Although I did not see their performance, I understand that Starkville High School also advanced to the regional level with The Purple Fan and also received several honors. In my 40 years of involvement with SETC, I cannot remember the same city advancing productions in both the secondary school and community theatre festivals; there must be something in the water that produces such outstanding performing artists in Starkville.
Congratulations to Starkville and the entire region for supporting theaters about which you should be very proud. You could not have better cultural ambassadors than the Starkville Community Theatre and their high school counterparts.
Keith Martin
Managing Director
Richmond Ballet
Richmond, Va.


Law makes dogs better off than abused people
In response to the dog legislation: I am not for abusing animals. However, it appears the dog is getting better treatment than abused women and children.
Dogs are to catch crumbs from their master’s table. And mankind is the dog that catches crumbs from God’s table. Since dogs are better off than women and children, the dogs can come and lick the wounds of women and children, like the rich man and Lazarus. (God has helped.) Jesus’s summation of this parable was that the unconcerned become the beggar in hell, the destitute become the wealthy in Heaven.
Steve Floyd
Ripley


Mississippi needs its animal cruelty statute
I think Mississippi needs the Animal Cruelty Law. So many animals are beaten, starved and kicked around. It is not only dogs and cats, it is other animals, too.
I also think some dog breeders abuse their dogs. Breeder dogs are constantly in pens. They hardly ever get on the ground. The breeders make them have puppies all the time. It is not about the dogs; it is just the money they make off the puppies.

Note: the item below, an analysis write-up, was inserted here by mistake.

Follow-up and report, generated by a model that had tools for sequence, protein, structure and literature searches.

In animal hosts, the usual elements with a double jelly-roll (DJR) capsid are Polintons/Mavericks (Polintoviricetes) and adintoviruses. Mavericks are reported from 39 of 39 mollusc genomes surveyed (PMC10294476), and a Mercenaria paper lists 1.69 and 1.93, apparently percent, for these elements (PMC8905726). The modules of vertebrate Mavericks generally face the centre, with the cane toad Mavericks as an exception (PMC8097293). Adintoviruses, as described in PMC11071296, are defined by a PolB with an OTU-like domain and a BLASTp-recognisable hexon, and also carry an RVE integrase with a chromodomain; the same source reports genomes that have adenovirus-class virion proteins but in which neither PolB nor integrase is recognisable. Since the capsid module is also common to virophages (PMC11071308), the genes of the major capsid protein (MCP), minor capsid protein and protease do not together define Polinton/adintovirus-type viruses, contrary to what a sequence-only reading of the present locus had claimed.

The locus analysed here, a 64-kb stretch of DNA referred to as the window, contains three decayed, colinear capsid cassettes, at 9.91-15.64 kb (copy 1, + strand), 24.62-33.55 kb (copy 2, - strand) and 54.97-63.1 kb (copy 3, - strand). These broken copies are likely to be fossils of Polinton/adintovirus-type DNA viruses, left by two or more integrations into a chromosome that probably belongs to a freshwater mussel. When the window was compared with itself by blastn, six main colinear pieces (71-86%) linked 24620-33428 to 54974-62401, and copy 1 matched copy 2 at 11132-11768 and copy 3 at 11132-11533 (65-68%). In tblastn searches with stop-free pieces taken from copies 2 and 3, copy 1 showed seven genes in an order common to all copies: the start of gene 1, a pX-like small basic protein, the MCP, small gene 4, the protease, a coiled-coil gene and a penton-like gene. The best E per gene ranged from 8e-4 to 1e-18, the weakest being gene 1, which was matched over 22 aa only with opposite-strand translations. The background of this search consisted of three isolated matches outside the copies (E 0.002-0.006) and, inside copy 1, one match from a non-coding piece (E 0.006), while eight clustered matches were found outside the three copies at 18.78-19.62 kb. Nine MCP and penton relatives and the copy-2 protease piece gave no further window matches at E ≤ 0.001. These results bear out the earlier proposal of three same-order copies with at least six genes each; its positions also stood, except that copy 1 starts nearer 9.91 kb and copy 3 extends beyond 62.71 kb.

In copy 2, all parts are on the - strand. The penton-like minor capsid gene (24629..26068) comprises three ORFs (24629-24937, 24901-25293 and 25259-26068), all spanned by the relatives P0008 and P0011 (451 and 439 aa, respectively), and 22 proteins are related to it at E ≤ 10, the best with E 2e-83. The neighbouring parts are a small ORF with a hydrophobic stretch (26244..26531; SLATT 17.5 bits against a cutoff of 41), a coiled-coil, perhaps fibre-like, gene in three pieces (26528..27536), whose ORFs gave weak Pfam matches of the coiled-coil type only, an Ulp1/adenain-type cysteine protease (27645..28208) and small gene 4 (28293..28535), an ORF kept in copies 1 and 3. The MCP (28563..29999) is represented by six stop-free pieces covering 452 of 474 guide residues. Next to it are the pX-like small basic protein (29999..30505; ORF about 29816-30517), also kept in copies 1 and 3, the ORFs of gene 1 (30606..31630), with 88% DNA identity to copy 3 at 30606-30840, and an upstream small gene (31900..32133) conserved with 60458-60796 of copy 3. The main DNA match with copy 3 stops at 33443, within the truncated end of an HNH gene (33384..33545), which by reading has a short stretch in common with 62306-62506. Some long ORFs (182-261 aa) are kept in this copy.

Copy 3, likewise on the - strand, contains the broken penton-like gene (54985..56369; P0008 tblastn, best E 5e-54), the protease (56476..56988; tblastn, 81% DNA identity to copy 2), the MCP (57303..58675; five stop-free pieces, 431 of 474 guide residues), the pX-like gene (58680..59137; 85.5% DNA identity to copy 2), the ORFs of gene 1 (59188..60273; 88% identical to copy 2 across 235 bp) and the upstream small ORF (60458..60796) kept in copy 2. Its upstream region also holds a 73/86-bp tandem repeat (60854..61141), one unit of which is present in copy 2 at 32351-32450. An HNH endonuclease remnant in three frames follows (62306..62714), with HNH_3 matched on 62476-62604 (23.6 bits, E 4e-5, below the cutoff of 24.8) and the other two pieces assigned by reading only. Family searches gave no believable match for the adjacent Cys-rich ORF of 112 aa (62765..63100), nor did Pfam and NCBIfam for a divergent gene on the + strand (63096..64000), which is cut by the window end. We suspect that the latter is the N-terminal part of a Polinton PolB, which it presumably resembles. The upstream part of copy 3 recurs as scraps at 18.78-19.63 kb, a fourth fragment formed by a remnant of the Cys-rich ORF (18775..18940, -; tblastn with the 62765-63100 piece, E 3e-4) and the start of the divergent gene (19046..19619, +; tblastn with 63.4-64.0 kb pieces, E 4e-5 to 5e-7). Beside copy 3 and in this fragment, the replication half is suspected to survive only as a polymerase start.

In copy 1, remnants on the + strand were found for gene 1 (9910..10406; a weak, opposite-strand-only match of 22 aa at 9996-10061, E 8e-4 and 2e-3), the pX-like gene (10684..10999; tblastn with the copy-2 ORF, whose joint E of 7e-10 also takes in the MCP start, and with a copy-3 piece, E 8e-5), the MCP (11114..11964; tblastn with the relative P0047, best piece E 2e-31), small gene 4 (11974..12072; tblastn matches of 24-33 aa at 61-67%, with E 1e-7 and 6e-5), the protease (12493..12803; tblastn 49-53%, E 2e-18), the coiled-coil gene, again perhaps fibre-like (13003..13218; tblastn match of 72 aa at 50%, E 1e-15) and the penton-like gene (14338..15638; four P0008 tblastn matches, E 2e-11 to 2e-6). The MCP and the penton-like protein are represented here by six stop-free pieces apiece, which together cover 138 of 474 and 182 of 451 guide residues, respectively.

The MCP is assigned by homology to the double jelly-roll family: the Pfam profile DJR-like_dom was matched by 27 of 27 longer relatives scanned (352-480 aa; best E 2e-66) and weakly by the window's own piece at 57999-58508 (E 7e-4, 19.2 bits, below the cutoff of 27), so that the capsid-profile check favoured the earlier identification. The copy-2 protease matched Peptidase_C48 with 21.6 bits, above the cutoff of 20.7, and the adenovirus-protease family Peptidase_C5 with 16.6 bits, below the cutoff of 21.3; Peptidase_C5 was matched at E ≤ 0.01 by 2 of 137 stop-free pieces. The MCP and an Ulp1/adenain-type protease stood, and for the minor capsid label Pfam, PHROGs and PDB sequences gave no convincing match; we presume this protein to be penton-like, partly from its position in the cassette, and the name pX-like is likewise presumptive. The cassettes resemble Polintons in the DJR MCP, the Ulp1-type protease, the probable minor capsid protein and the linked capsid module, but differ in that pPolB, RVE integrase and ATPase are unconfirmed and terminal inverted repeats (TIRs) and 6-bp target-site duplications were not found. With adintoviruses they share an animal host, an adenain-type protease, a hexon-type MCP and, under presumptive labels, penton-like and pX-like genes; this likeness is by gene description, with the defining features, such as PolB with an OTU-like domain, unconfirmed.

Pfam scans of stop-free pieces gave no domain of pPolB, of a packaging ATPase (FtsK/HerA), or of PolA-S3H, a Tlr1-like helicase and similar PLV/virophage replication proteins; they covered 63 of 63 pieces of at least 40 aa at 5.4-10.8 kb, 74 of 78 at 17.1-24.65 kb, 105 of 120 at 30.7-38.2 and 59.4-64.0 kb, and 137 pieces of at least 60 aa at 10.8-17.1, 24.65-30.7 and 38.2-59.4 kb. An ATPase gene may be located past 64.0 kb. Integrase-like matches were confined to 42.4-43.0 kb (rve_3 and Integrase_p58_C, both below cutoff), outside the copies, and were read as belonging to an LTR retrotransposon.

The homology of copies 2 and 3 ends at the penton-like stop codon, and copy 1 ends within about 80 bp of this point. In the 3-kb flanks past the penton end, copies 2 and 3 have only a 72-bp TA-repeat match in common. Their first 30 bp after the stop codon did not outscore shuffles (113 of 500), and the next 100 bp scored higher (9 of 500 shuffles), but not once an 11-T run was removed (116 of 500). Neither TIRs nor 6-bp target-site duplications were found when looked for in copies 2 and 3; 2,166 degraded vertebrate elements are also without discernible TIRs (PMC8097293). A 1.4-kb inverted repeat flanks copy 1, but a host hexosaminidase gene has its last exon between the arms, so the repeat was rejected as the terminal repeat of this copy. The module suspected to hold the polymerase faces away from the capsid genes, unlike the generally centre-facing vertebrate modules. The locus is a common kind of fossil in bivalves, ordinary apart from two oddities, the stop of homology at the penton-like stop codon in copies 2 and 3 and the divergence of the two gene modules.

I have an abused dog. My sister has an abused breeder dog. She has had her for nearly a year. She is still scared of people because she was mistreated. Why does it matter where you live? City or county, animal abuse can happen anywhere.
What are the present laws? Local authorities have more important things to do than deal with animal abuse reports. Go figure! Maybe if some of the abusers were punished the same way they abuse animals, it might stop. I do not have any compassion for people who mistreat animals. So what if animal abusers go to prison. They get what they deserve.
Chandra Alford
Houston


Reed’s right about Section 8 housing
I would like to say I agree with Mayor Reed of Tupelo.
I lived in Memphis for 15 years. The Civil Rights Bill, along with the Section 8 voucher and other things, is what destroyed Memphis and other big cities.
Jobs along with taxes paid moved out of Memphis and other cities. The schools have no money. So now Shelby County has to pay for city schools. Shelby County had to raise taxes to pay for all schools.
Too much freedom will destroy this country. So, I say, may God help this country and its people.
Johnnie Cauthern
Fulton


Black women praised for their steadfastness
Tell me, have you seen her? She stands about this high, with mysterious round eyes that flicker in the night like the manifestation of the moon on water in the dead hours of darkness.
Tell me, have you seen her? She has ebony skin, which is soft to the touch, and her hair is illuminating to the senses, long or short, I don’t care, the hair or skin don’t make the woman, but the woman makes the skin and the hair. Tell me, have you seen her?